It’s amazing how many things there are to smell as you drive—most of them interesting or pleasant. Yes, there are diesel buses, livestock and trash fires, but I also remember food from restaurants, freshly baked bread and newly-mown grass. You also get to sample every possible kind of music blaring out of fellow drivers’ windows—or they may be driving topless, too.
Mazda’s little million-selling sports car provides direct connection to the road, with steering, close-ratio manual shifting and responsive braking. I’ve tested models with the manual six-speed and the automatic and vastly prefer the former. With its short little lever and feeling of being connected to actual gears, you can’t beat it. In my most recent week-long test car, I was stuck in a two-hour-and-10-minute traffic jam on the way home from work, and even in those conditions I’d rather sample the silky manual six than an automatic.
It takes some dexterity to get yourself into the low driver’s bucket set, and some strength and care to extricate yourself. I can still maneuver OK, but at nearly 65, I take it easy. My wife has no love for these roadsters, but that’s my fault. When I had test Miata number one, I insisted she climb into and out of it late in her pregnancy with our son. She’s never forgotten it, and she was equally unimpressed with the 2018 model.
Miatas have their fans—lots of them. There are race series for them, and I have spoken with many owners over the years. In fact, while testing this new model, I ran across a colleague with a green-and-white ’91 that was still rolling along. Another colleague, who owns a nicely-preserved ’94 in the limited-edition Laguna Blue, asked for a ride, and I was only too glad to oblige. He was impressed by the new car’s acceleration from the little 155-horsepower 2.0-liter engine (with 148 lb.-ft. of torque). With the manual six, the soft-top Miata weighs in at just 2,332 pounds, so that’s enough to generate excitement, if not speed records.
Riding low takes a little getting used to. Once you’re inside, there feels like enough room, but when you look out either side window, it’s likely directly at someone’s wheel. When you look out the windshield, you’ll see rakishly canted fenders, in the latest Kodo Design theme. The hood cut lines are cleverly hidden beyond the curve, so you don’t notice them from the cabin. The hood gently rises at its center over the engine compartment.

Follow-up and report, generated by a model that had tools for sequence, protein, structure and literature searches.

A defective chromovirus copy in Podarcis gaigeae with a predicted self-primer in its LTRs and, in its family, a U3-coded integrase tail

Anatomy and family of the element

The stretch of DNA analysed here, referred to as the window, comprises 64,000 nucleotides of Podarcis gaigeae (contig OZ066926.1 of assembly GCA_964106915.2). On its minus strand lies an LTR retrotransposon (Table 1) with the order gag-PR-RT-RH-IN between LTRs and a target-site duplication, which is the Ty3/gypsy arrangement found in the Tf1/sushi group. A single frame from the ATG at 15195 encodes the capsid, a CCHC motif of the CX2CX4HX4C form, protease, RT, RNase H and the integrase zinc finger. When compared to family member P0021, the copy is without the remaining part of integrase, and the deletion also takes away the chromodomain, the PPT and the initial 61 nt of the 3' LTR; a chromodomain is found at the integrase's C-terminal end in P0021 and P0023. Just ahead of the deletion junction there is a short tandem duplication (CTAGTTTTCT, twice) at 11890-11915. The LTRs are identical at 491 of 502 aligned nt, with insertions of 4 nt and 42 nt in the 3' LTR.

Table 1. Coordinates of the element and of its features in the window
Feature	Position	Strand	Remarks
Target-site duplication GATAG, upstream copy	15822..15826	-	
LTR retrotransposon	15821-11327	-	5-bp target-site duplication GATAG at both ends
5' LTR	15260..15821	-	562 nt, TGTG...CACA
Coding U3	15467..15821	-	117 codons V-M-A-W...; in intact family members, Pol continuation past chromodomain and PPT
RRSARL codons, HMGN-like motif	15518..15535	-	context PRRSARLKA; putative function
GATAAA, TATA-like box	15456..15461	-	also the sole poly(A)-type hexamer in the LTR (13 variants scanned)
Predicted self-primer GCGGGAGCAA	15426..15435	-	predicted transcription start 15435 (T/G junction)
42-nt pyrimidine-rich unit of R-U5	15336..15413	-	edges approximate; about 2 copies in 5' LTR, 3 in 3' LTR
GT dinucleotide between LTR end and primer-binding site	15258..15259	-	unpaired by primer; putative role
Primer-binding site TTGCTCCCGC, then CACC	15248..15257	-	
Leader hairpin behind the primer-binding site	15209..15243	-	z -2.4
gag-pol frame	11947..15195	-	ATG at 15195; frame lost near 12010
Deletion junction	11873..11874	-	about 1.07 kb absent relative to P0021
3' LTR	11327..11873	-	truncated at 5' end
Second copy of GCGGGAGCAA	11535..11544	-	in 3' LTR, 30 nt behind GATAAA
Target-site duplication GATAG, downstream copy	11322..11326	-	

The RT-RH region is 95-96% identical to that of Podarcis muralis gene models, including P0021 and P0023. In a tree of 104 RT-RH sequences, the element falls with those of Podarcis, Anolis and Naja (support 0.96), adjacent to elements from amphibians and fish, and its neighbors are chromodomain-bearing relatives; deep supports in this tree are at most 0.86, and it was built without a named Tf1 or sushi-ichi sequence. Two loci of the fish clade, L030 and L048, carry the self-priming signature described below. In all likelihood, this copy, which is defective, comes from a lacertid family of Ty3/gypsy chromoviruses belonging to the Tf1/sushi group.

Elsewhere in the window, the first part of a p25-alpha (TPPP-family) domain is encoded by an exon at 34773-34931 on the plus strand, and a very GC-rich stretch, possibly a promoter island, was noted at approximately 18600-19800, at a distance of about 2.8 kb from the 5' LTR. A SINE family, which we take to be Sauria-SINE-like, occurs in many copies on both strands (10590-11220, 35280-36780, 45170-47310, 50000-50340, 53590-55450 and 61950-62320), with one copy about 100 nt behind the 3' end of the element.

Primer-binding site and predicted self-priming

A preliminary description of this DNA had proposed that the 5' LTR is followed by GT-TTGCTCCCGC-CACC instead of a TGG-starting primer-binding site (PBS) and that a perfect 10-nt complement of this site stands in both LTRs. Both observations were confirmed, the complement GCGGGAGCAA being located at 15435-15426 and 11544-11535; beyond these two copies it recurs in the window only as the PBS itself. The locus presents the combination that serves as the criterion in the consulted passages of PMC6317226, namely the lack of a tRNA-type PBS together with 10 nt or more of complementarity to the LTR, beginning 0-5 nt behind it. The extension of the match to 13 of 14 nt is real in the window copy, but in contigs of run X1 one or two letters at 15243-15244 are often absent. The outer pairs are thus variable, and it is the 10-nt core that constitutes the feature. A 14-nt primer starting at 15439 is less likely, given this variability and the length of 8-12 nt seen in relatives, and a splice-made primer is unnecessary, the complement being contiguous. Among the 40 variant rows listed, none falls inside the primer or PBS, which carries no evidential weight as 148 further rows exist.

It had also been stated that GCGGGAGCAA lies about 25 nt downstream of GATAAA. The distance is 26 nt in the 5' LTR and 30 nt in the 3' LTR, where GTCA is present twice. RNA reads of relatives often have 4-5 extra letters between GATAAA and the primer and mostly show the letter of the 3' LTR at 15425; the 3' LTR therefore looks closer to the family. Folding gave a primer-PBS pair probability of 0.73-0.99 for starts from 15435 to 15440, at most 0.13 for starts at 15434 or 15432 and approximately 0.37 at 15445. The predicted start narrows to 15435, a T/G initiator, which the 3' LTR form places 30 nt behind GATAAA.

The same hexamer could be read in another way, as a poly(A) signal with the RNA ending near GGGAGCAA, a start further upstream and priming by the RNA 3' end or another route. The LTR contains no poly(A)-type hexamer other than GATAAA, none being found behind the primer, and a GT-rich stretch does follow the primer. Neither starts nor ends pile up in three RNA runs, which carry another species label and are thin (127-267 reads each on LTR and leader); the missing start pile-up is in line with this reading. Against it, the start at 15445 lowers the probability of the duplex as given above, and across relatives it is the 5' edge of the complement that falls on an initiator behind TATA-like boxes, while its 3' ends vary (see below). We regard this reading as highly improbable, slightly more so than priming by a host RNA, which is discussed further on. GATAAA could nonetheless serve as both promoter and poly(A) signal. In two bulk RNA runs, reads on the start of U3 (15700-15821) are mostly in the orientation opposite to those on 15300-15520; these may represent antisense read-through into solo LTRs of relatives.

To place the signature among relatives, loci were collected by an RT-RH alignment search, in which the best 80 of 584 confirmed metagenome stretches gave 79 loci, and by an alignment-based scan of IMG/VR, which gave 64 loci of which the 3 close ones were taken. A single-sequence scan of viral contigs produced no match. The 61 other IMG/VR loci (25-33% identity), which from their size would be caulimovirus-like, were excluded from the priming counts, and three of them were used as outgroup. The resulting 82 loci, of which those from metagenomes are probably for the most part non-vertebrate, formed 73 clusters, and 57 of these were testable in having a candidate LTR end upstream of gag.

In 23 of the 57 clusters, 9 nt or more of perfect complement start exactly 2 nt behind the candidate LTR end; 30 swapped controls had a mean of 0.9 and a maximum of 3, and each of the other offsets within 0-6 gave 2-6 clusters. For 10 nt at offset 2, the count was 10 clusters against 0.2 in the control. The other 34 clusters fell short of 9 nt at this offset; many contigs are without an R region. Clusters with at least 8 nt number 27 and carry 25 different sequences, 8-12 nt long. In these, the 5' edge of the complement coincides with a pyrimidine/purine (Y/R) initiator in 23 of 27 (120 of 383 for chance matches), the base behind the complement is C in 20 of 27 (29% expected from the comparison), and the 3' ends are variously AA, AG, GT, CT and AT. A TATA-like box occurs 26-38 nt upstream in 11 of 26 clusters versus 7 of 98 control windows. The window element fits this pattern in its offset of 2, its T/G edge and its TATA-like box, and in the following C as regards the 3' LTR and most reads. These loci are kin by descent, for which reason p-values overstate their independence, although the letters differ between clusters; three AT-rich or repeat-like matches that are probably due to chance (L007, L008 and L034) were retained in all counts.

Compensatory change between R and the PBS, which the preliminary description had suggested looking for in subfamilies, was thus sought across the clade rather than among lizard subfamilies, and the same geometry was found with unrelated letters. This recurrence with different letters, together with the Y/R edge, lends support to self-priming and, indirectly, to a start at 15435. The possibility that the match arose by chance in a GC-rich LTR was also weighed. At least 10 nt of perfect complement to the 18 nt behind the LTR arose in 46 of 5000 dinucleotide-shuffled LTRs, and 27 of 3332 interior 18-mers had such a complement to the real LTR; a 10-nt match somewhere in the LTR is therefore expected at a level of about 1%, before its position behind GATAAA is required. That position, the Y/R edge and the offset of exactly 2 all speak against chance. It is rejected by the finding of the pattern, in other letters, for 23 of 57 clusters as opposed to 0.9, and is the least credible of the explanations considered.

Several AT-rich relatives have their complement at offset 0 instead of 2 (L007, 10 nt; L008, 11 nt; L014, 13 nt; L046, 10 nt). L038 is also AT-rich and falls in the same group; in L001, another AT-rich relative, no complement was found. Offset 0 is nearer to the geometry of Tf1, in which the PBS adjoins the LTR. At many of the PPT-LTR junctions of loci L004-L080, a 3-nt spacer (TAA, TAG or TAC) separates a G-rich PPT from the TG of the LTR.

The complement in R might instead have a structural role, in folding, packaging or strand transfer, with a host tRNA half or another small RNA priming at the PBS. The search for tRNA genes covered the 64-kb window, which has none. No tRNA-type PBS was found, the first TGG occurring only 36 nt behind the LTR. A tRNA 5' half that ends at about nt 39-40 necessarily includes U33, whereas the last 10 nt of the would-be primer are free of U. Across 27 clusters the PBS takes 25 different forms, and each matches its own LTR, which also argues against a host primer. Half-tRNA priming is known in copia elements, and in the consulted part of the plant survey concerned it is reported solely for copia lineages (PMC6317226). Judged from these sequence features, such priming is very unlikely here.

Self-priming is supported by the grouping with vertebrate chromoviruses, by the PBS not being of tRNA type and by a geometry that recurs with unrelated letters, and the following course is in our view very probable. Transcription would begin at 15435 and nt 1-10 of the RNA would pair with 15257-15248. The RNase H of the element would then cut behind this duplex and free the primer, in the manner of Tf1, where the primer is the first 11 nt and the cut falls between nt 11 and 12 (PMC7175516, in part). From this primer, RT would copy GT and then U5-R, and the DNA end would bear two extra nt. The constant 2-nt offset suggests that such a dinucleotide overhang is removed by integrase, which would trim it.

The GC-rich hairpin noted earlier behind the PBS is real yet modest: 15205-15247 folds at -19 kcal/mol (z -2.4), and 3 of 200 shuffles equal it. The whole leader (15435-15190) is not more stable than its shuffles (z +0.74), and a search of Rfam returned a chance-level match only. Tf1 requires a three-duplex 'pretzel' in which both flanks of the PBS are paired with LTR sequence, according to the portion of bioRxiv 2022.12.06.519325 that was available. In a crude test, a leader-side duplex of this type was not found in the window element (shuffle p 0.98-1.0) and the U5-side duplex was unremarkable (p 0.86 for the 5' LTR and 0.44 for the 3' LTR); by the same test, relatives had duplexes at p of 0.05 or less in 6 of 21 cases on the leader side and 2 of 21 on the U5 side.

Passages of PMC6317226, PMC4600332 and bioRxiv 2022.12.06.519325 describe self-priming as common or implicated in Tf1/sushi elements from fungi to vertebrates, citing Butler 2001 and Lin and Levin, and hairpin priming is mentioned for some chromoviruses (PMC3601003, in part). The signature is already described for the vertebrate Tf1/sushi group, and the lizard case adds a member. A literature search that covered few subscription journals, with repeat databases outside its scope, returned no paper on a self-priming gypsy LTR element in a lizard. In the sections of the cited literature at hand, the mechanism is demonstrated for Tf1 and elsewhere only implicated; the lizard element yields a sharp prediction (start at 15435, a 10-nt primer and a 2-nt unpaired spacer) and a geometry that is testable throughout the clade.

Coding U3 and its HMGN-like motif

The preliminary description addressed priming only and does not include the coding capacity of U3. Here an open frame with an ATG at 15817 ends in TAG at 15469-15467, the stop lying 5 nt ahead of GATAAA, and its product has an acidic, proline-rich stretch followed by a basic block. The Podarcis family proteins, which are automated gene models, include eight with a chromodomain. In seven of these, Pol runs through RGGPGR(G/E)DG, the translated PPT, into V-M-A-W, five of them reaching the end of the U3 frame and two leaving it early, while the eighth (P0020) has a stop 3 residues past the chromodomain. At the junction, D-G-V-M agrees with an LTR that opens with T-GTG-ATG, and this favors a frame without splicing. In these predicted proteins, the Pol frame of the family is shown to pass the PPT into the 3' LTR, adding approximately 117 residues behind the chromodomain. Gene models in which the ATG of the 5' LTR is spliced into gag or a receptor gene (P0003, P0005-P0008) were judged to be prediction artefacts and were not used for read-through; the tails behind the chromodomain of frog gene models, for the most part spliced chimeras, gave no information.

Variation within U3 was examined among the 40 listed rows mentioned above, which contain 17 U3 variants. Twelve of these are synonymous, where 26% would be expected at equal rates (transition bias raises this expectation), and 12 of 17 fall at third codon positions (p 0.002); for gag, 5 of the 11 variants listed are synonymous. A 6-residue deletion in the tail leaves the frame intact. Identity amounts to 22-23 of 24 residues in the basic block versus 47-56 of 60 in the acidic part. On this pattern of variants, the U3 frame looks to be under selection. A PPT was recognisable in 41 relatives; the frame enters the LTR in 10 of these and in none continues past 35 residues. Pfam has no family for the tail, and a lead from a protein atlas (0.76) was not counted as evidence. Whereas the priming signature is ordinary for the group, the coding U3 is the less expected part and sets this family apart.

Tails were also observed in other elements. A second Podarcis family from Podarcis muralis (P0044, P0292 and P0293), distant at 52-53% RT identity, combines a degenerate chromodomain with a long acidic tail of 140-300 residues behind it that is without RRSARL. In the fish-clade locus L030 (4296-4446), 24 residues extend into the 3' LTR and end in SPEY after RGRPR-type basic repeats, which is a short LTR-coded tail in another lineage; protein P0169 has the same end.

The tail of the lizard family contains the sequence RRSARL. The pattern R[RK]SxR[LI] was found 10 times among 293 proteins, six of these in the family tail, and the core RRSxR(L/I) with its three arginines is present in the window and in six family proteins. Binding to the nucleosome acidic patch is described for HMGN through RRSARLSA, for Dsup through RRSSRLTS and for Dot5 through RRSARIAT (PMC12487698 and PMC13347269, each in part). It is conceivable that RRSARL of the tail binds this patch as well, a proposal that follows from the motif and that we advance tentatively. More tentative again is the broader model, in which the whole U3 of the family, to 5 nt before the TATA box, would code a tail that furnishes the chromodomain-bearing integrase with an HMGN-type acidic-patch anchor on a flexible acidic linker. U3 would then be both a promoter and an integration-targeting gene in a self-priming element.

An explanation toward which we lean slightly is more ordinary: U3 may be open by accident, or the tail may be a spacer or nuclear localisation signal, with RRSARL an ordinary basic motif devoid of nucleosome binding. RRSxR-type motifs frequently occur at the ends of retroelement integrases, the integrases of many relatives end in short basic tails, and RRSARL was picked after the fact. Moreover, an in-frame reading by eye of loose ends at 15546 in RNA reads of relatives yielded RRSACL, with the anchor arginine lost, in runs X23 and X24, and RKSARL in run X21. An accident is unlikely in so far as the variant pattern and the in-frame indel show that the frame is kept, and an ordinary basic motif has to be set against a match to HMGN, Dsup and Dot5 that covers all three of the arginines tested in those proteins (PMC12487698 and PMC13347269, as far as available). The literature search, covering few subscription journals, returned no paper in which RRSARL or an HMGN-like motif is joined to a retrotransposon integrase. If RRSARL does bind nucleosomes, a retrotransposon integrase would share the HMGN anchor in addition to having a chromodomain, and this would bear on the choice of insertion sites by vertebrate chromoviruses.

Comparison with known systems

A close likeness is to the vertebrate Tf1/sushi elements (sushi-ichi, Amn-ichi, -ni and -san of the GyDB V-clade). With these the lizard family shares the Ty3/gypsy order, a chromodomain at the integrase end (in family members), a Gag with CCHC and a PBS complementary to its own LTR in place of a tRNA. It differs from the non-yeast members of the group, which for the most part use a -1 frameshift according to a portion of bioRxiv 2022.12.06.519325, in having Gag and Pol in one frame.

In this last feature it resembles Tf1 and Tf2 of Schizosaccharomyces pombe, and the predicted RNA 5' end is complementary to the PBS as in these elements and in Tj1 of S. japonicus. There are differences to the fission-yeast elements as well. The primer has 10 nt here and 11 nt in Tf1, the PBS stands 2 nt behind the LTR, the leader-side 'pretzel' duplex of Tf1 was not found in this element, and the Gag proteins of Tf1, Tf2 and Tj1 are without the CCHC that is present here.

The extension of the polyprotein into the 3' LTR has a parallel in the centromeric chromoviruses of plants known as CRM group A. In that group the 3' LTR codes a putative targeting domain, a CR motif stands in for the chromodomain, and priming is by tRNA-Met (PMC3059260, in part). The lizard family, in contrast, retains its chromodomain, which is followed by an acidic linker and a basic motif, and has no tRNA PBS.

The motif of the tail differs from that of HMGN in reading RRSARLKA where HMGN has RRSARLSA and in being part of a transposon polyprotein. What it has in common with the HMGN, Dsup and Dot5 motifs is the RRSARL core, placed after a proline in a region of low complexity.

The original Miata featured a simple, plain interior, with the right proportions but no attempt at luxury touches. Its black plastic was well crafted, but not fancy. There were silver rings around the gauges, though, a tip of the hat to the cars of yore. There was a tachometer in the middle of the instrument panel, where it resides to this day. Cloth seats were standard.
The car has grown more and more elegantly designed over the years, with sculpted door panels and the neatly trimmed interior fittings. Beautiful metallic accents on the steering wheel, transmission surround, air vents, and door handles lend an upscale air. The Kodo Design theme blends a flow of soft curves and edges across the doors and dash. The center console not only gives your arm a resting place, but sits above the driveshaft that conveys the engine’s power to the rear wheels—just like in those old-fashioned MGs, Triumphs, and Austin-Healeys.
My 2018 test car, a mid-level Club model, had some significant extras. The Machine Gray paint, a serious shade, added $300 to the tab. I personally would prefer red or blue. The car has come in a variety of colors over the years. One especially nice setup one combined British Racing green paint with a tan leather interior.
My tester flaunted a dark red cloth top—a no-cost option. The big upgrade was the Brembo BBS Recaro package at $4,470. It transformed the car inside and out, with gripping Brembo disc brakes, black BBS custom wheels, and gorgeous and supportive Recaro racing seats in a soft alcantara suede. These buckets are heated and feature speakers in the headrest, which aids hearing while on the road with the roof lowered. I took a phone call using Bluetooth and was a little surprised to hear my caller’s voice behind me, but it was certainly easy to understand him.
The little roadster is economical, with EPA numbers of 26 mpg city/33 highway/29 combined. I averaged 31.4 mpg in a week that had much too much commuting and too little back road running. The EPA Green numbers are a disappointing 3 for Smog but a solid 6 for Greenhouse Gas.
You’d think a little car with a cloth top would be a drag in the rain, but I felt cozy and safe, and the raindrops on the insulated top created a great atmosphere. Unlike its European forebears, the MX-5, assembled in Hiroshima, Japan since its birth, doesn’t leak.
In an era of basic cars starting close to $20,000 and mid-level Toyota Camrys approaching $30,000, the Miata’s price doesn’t seem out of line. My Club-level test car started at $29,155, but with extras and delivery, hit $35,240. A 2018 MX-5 Sport with no extras will set you back just $26,185. The original car debuted at $15,000, but had a lot fewer features–and that was 28 years ago! Interestingly, demand was so high at first that early adopters were paying $5,000 or more above sticker to get the cars.
Consumer Reports has given the Miata high praise over the years and ranked the 2017 model at 79–a fine score. Owners have reported better than average reliability. With the amount of affection the little car generates, they care for their babies. You’ll see plenty of all four generations on the road. The car magazines love it.